# Given: parallelogram and right angle; Prove: parallelogram

1. Feb 16, 2016

### Joodez

I'm curious if it looks like I defined the reasons correctly to prove that FBCD is indeed a parallelogram. Specifically, I'm unsure if I'm using #4 "definition of coincident" and #5,6 "reflexive property" correctly in their terminology. I don't have anyone else, or any teacher to ping this back to or I would try to not waste space here. This is my finished proof:

I apologize about cutting the top half of the worked problem off. It should be mirrored to the unworked problem above. If it helps, I can repost the image upon request.

2. Feb 16, 2016

### BvU

Wasn't $AD // BC$ because ABCE is a parallelogram ?

And isn't there a theorem stating $\angle F = \angle D \rightarrow FB // CD$ ?
And then you have enough to state FBCD is a parallelogram.

3. Feb 17, 2016

### Joodez

Sorry for the late reply, just got back from school.

Am I allowed to automatically assume that AD // BC because of the two 90° angles lying upon the line. I understand that this is true, but am I allowed to state this like:
AD//BC : ABCE is a parallelogram

or is there another way in which I must state this, such as:
∠F and ∠D are both _|_ (or maybe supplementary together?), whilst lying on the same line AE, which is stated to be parallel to BC based on the property of a parallelogram having parallel opposite sides.

Also, finding "parallelogram converses," I see that:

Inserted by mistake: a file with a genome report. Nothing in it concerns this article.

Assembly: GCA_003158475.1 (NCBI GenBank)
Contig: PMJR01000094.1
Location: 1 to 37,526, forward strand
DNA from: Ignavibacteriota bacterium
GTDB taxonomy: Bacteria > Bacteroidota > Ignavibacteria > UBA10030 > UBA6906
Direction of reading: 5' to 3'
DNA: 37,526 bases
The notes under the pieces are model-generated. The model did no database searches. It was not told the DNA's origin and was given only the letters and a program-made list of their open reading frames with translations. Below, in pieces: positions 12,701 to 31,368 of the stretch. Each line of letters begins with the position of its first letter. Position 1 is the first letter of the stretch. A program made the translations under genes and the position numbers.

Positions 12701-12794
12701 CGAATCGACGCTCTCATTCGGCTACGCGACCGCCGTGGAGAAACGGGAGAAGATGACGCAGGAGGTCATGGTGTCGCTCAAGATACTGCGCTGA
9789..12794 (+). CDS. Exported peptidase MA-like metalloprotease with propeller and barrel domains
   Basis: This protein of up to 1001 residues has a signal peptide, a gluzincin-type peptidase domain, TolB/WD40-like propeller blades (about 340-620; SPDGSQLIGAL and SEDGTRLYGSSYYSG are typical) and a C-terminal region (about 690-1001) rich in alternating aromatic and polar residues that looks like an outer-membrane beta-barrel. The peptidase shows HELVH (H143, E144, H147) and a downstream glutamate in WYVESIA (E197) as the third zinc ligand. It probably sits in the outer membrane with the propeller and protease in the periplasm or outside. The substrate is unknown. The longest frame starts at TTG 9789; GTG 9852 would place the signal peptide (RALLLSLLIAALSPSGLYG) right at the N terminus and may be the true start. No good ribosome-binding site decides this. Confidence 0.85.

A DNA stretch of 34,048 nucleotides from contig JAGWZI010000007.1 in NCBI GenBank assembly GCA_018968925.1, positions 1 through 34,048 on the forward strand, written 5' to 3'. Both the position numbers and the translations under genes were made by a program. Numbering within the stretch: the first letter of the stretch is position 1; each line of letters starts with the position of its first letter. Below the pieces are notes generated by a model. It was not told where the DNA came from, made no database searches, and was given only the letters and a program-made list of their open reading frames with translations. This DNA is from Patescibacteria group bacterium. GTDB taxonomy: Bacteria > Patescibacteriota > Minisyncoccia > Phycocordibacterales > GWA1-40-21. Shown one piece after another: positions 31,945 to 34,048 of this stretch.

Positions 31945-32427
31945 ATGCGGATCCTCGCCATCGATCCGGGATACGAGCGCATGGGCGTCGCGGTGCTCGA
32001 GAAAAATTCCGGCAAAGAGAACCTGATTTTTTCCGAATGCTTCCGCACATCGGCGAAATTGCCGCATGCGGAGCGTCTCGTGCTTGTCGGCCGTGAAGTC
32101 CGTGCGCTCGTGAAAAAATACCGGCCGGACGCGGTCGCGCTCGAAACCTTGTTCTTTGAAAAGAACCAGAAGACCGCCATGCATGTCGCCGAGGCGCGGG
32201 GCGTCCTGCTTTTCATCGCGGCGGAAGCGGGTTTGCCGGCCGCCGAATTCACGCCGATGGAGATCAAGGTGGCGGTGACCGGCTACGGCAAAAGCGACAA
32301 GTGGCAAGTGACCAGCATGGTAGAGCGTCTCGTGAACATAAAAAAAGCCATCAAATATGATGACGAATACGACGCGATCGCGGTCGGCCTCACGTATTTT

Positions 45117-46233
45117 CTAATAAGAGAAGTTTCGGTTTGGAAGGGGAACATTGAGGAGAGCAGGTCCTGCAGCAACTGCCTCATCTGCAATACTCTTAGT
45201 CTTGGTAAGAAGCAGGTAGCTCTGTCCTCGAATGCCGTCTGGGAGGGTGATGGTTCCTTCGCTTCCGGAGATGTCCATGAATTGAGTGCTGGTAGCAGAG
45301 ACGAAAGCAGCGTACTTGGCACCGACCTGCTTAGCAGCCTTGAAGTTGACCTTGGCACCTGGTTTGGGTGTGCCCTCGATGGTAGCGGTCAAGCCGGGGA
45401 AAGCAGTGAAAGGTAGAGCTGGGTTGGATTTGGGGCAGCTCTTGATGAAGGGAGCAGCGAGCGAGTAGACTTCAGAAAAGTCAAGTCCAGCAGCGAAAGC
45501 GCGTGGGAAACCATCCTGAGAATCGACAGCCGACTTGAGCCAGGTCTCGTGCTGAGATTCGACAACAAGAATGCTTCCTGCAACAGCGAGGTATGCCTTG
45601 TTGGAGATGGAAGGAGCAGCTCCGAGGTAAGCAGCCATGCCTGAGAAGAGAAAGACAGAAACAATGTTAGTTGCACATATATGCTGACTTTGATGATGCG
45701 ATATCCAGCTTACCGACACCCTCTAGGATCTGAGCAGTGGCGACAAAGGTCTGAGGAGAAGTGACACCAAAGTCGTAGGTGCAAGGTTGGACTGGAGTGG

If both pairs of opposite angles of a quadrilateral are congruent, the quadrilateral is a parallelogram.

Does this reason satisfy #4. I want to say that because both of these opposite angles are congruent to one another, and also a special case of 90°, that they form a rectangle and thus must be a parallelogram, based on the definition of a rectangle.

4. Feb 17, 2016

### BvU

ABCE is a parallelogram is a given. From that you conclude $AD//BC$ so $FD//BC$.
To prove that FDBC is a parallelogram, you have to either prove $FB//DC$, or, quoting
that $\angle B = \angle D$ and $\angle C = \angle F$.

With the first you are done when there is
With the second you kind of have the reverse theorem(And I am positive that one exists -- even after 50+ years):
$AB//CE \Rightarrow \angle BAF = \angle CED$. That can lead you to $\angle BFD = \angle BCD$ and idem $\angle B = \angle D$

5. Feb 18, 2016

### Joodez

I've realized that I need to do a complete reboot of proofs. I understand most of the principles and techniques discovered in geometry. However, I cannot successfully illustrate proofs and especially the reasons for which statements are valid. Thank you for your assistance. I would like to ask one final question and that is:

What is a good resource for someone without a geometry book to learn the language and mechanics of "proofs" as utilized in geometry? So far I've been searching about for rules and etc, but if there's a comprehensive guide of any length, I would really appreciate being pointed in that direction.